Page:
Apple Downplays Impact of iBoot Source Code Leak

Apple said the leak of its iBoot source code will have little to no impact on iOS device security.

Apple is responding to reports the leak of its iBoot source code is a serious security blow to iOS devices. In statement released Thursday it confirmed the leak, but emphasized the source code is three years old and would have no impact on iOS device security.

“Old source code from three years ago appears to have been leaked, but by design the security of our products doesn’t depend on the secrecy of our source code. There are many layers of hardware and software protections built into our products, and we always encourage customers to update to the newest software releases to benefit from the latest protection,” Apple said in a statement.

Apple’s statement comes a day after it slapped GitHub with a copyright takedown request forcing the company to remove iBoot source code tied to iOS 9.3.x posted to the repository. The code had previously been available on various sites such as Reddit for up to a month prior to the takedown notice.

The iBoot code is two years old, however some security experts said that parts of it are likely still in use by the latest version of Apple’s iOS 11. Knowledge of the code, could be a boon for the iOS jailbreaking community, said Rusty Carter, VP of product management for Arxan Technology.

“Exposure of the source code, even for an older version of the boot loader (of iOS), does provide risk,” Carter told Threatpost in an interview. He said malware authors often leverage the latest jailbreaks as part of attacks against iOS.

Apple identifies iBoot as “code that’s loaded by LLB, and in turn loads XNU, as part of the secure boot chain.” Through its bug bounty program, Apple offers a $200,000 reward to researchers who find vulnerabilities in secure boot firmware.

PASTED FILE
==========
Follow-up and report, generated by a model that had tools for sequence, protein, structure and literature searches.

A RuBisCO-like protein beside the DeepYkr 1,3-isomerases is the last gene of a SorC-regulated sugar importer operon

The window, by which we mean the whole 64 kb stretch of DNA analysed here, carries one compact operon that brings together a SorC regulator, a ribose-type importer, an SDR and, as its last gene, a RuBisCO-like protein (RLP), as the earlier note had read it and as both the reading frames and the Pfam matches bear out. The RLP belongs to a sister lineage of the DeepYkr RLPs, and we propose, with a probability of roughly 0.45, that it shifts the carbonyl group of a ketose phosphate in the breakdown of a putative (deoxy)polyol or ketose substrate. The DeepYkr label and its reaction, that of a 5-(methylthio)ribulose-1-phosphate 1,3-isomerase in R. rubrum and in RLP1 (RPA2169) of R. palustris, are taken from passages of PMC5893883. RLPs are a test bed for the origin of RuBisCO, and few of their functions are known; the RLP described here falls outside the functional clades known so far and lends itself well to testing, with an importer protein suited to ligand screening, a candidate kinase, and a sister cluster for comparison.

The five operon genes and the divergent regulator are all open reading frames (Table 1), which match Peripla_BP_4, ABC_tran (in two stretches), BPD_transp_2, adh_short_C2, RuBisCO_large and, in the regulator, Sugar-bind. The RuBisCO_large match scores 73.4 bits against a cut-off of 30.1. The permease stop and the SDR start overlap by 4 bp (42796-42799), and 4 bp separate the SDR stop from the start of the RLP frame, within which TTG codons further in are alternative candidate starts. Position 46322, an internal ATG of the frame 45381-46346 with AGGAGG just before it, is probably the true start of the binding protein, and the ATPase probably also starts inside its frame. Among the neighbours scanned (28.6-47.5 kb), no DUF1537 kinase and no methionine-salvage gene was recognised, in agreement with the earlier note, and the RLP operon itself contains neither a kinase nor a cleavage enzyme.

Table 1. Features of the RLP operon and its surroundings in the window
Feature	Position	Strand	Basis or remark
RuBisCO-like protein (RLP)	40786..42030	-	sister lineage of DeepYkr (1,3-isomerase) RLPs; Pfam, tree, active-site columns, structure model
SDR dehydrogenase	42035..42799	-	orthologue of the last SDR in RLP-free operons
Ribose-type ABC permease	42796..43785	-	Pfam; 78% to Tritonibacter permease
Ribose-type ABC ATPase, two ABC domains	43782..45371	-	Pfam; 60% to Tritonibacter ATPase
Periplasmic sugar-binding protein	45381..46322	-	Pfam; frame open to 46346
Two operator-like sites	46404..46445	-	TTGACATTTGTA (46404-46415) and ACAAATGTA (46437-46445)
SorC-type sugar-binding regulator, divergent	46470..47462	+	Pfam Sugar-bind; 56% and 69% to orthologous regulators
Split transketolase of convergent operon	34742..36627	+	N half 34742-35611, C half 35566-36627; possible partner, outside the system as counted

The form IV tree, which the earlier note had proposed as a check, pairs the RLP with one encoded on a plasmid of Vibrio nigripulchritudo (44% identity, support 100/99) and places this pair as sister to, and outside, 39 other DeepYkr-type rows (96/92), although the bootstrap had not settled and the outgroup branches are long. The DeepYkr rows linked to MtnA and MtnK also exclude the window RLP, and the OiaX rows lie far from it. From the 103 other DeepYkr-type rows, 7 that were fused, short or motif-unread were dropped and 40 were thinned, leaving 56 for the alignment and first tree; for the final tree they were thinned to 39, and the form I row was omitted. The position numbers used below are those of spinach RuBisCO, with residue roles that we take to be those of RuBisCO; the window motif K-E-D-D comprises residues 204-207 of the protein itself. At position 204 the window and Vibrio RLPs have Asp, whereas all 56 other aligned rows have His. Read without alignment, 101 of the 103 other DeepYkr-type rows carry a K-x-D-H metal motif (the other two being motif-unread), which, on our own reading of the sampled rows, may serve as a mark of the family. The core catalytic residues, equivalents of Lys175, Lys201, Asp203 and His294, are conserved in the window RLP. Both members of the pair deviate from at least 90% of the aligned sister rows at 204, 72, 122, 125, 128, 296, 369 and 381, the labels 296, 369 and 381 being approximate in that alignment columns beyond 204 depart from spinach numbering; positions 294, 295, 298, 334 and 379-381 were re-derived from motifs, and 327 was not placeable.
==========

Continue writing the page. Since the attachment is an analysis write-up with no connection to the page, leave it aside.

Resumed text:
Patrick Wardle, chief research officer at Digita Security, said the code leak benefits offensive minded adversaries. But he said, it’s not a huge boon to advanced hackers who don’t rely on source code.

“If other things leaked – like (iOS) signing keys – then that would be a real issue,” Wardle told Threatpost.

According to reports, the source code taken down from GitHub was incomplete and couldn’t be compiled. However, it did include Apple documents relevant to iBoot, that experts said could help researchers identify vulnerabilities.

The leak puts Apple in a tricky spot, Wardle said. It can’t fix something that’s not broken. Instead, Apple appears more peeved its intellectual property was leaked onto GitHub.

Experts said, so long as Apple implements iBoot properly the code won’t offer adversaries much of a leg up. Apple’s current approach to keeping the iOS secure is multi-layered and goes beyond iBoot. Source code is by no means the Holy Grail when it comes software security, according to Wardle.

According to Apple’s latest statistics, 93 percent of iOS devices are running iOS 10 or later.

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